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ERIC Number: ED255125
Record Type: RIE
Publication Date: 1985-Jan
Pages: 6
Abstractor: N/A
Reference Count: 0
Governance of State Colleges and Universities: Achieving Institutional Mission.
American Association of State Colleges and Universities, Washington, DC.
The roles and responsibilities of different constituencies in the governance of state colleges and universities are described, based on the position of the American Association of State Colleges and Universities. These constituencies include state legislatures, governing boards, system chancellors, presidents, faculty, middle management, and students. State colleges and universities need to continuously monitor the influences of their mission, and ensure that quality is sustained when adaptations occur. Three major changes experienced by academia since World War II are knowledge explosion, collective bargaining, and financial exigency. State government is responsible for providing adequate funding to enable the college to meet its goals and to insure access, while the governing boards have the ultimate responsibility for the development and operation of the institution. Board policy should clearly specify the role and status of the executive officer and the officer's relationship to the campus presidents. The college president's responsibilities include implementing existing board policies and recommending personnel matters and new policies to the board. The roles of faculty, administrators, and students are also addressed. (SW)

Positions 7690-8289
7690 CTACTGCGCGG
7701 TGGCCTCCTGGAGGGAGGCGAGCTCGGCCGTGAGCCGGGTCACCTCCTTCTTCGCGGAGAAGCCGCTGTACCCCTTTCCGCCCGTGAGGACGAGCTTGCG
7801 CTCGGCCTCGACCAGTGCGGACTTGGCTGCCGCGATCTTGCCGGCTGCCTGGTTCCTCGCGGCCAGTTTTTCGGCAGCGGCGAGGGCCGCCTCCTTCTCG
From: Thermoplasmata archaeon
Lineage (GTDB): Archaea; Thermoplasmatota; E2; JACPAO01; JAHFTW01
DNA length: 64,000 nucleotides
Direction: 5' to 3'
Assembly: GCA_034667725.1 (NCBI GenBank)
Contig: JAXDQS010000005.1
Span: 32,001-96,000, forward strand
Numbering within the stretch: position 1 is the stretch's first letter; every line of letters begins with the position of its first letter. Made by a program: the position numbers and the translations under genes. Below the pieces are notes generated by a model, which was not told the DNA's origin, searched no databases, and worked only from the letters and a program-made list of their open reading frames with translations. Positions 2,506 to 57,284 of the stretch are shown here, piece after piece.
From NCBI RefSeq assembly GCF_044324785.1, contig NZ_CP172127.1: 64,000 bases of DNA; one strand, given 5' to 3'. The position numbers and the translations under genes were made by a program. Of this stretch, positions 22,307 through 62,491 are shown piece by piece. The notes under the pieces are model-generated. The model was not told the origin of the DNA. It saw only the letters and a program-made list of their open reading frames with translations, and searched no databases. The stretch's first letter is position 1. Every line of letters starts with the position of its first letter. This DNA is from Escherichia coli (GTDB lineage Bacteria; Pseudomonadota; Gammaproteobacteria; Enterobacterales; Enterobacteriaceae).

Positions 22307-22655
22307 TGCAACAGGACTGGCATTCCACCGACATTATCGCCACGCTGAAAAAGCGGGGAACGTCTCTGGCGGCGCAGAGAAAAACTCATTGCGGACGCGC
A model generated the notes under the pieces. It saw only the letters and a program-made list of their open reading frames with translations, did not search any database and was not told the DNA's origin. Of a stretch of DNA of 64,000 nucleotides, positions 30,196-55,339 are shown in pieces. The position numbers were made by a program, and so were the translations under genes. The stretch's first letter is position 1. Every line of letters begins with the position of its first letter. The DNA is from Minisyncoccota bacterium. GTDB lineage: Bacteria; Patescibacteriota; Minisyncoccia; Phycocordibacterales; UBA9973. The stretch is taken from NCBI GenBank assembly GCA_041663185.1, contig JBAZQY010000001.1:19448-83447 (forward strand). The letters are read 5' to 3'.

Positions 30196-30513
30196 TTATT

American Association of State Colleges and Universities, One Dupont Circle, Suite 700, Washington, DC 20036.
Publication Type: Opinion Papers
Education Level: N/A
Audience: Administrators; Policymakers; Practitioners
Language: English
Sponsor: N/A
Authoring Institution: American Association of State Colleges and Universities, Washington, DC.
Identifiers: American Association of State Colleges and Univs; Institutional Mission; Public Colleges
Note: Statement developed by the AASCU Committee on Governance and approved by the membership on November 19, 1984.